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You are here: MacNN Forums > News > Mac News > Briefly: 77 percent on iOS 8, cracking box for older iOS versions

Briefly: 77 percent on iOS 8, cracking box for older iOS versions
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Mar 18, 2015, 04:59 PM
A new device on the market costing $300 could be used by attackers to crack the PIN codes on iOS devices running system versions older than iOS 8.1.1. While the chances of it being used on someone's personal device are extremely low -- since it requires both physical access to the device as well as a great deal of time -- users can protect their devices and foil the so-called "IP Box" attack by moving to a more complex passcode.

The "IP Box" works by trying a PIN code through a connection to the device by USB, but cuts power to the iOS device before the attempt is recorded, effectively eliminating the 10-try limit. However, each attempt takes nearly 40 seconds, mostly due to the device rebooting, reports MDSec. The attack is ineffective against devices that are running iOS 8.1.1 or later.

The 'IP Box' as tested by MDSec

This, along with the requirement to have physical access, would make the device seem pointless -- but for the fact that 25 percent of the population use a variation on 20 similar four-digit PIN codes. Devices that are at risk can be protected by users opting to switch to the more complex passcodes which are allowed by iOS devices in the settings.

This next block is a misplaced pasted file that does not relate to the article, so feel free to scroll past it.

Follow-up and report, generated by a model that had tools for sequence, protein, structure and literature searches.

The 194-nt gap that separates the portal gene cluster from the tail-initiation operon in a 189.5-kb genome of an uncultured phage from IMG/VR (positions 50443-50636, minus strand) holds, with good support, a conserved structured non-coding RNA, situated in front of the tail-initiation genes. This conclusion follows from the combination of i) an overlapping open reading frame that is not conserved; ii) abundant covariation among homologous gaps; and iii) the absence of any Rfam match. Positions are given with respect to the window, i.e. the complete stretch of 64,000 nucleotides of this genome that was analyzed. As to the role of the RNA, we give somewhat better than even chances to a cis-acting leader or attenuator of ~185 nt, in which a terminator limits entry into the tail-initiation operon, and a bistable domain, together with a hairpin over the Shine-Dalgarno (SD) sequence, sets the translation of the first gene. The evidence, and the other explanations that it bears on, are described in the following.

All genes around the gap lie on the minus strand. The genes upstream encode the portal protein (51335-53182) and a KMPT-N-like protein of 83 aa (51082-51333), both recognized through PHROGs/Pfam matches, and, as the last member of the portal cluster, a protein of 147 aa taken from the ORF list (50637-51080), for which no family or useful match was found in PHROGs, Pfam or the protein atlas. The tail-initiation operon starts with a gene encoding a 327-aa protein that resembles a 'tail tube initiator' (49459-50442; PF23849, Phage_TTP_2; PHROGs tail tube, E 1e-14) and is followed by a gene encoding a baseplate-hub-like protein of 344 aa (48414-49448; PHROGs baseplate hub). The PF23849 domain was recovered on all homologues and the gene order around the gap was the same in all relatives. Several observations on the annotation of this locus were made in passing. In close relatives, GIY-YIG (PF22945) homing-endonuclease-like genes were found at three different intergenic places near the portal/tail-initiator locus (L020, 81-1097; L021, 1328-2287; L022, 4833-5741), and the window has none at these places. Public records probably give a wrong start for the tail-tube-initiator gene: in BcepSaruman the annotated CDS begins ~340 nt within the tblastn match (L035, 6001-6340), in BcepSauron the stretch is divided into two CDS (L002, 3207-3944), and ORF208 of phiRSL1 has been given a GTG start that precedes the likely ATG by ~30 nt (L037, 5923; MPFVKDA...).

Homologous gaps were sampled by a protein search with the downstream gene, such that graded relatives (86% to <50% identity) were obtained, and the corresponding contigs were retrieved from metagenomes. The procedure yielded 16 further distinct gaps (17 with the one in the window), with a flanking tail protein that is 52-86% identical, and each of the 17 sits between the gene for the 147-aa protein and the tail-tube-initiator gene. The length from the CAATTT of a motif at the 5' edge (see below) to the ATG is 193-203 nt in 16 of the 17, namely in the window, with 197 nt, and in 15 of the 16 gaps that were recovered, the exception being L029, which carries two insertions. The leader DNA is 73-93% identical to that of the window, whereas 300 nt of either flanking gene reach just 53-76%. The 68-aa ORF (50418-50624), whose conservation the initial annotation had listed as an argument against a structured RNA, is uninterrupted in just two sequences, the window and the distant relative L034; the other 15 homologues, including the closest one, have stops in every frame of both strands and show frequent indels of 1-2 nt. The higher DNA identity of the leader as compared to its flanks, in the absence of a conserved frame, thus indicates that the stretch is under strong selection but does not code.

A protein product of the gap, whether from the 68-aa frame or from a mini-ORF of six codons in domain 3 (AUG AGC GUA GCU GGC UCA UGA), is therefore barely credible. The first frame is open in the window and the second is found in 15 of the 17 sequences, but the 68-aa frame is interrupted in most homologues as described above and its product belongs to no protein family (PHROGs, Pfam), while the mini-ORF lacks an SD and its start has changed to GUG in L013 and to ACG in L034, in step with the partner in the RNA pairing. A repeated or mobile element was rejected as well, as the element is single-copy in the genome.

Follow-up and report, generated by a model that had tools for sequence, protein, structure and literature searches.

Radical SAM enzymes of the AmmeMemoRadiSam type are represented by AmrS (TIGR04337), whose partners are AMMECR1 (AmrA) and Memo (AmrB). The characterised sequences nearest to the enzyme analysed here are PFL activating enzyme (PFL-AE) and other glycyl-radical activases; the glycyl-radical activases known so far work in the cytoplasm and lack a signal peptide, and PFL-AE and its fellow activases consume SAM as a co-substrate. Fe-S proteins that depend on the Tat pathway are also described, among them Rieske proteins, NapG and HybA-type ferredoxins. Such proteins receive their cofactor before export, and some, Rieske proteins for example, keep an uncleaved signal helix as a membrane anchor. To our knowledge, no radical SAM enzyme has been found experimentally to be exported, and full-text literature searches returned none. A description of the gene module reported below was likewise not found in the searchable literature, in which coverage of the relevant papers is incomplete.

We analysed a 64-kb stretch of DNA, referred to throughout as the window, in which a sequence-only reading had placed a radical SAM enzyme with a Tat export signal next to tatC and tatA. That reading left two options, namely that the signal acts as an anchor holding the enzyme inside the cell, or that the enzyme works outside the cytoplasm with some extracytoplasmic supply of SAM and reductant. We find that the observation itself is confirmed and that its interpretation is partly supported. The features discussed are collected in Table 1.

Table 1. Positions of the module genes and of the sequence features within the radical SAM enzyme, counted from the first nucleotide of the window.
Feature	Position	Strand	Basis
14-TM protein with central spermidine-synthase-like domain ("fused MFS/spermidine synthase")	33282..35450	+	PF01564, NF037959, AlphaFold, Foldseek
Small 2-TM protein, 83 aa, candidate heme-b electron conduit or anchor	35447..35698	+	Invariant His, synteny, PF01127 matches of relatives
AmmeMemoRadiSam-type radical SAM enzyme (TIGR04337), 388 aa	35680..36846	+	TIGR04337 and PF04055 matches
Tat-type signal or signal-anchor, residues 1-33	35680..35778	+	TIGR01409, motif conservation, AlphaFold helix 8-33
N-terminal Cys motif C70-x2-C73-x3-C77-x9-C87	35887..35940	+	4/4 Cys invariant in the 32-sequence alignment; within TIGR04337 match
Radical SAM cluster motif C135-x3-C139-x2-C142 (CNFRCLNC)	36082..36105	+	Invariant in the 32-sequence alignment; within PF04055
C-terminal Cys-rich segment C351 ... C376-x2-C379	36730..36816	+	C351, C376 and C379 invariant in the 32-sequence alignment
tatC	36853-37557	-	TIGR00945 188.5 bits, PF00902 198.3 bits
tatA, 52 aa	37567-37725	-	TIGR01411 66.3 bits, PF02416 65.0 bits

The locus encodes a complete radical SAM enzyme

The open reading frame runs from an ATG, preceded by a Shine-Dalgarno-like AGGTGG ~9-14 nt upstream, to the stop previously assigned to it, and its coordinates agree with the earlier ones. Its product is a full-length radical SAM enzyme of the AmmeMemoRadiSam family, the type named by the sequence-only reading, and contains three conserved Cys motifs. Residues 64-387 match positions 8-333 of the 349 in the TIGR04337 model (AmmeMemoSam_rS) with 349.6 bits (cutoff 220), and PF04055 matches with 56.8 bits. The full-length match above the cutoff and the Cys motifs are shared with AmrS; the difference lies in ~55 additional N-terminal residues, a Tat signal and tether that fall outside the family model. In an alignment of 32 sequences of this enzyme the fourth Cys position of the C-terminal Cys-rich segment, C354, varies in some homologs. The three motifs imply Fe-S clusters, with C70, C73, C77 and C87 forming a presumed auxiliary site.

Apple: 77 percent of iOS devices now running iOS 8

In a development related to the possible success of the "IP Box," Apple is now reporting that 77 percent of all active iOS devices are running iOS 8 or higher, dramatically cutting down on the pool of available iOS devices using older systems that could be vulnerable to the PIN attack mentioned above. Users of iOS 7 make up only 20 percent of iOS users, while a declining three percent of owners are running iOS 6 or earlier, likely due to using the original iPad or early iPhone models that can't be upgraded to recent releases.

The iOS 7 users now appear to be migrating to iOS 8 at a rate of about two percent every three weeks or so. The normally-rapid rate of adoption of iOS 8 was slowed somewhat by a faulty early update that caused problems for the few users who obtained it, but scared off others into being more cautious in updating. Adoption rates have been back to normal since the start of the new year.

The news comes on the heels of iOS 8.2, which introduced the Apple Watch app for use with eventual pairing for the forthcoming watch, which will be available for public preview on April 10, and go on sale at retail on April 24. Currently, iOS 8.3 is in beta testing, and has even been offered to registered public AppleSeed testers. That release will bring new emoji characters and support for more languages understood by Siri, among other changes.
( Last edited by NewsPoster; Mar 18, 2015 at 07:14 PM. )
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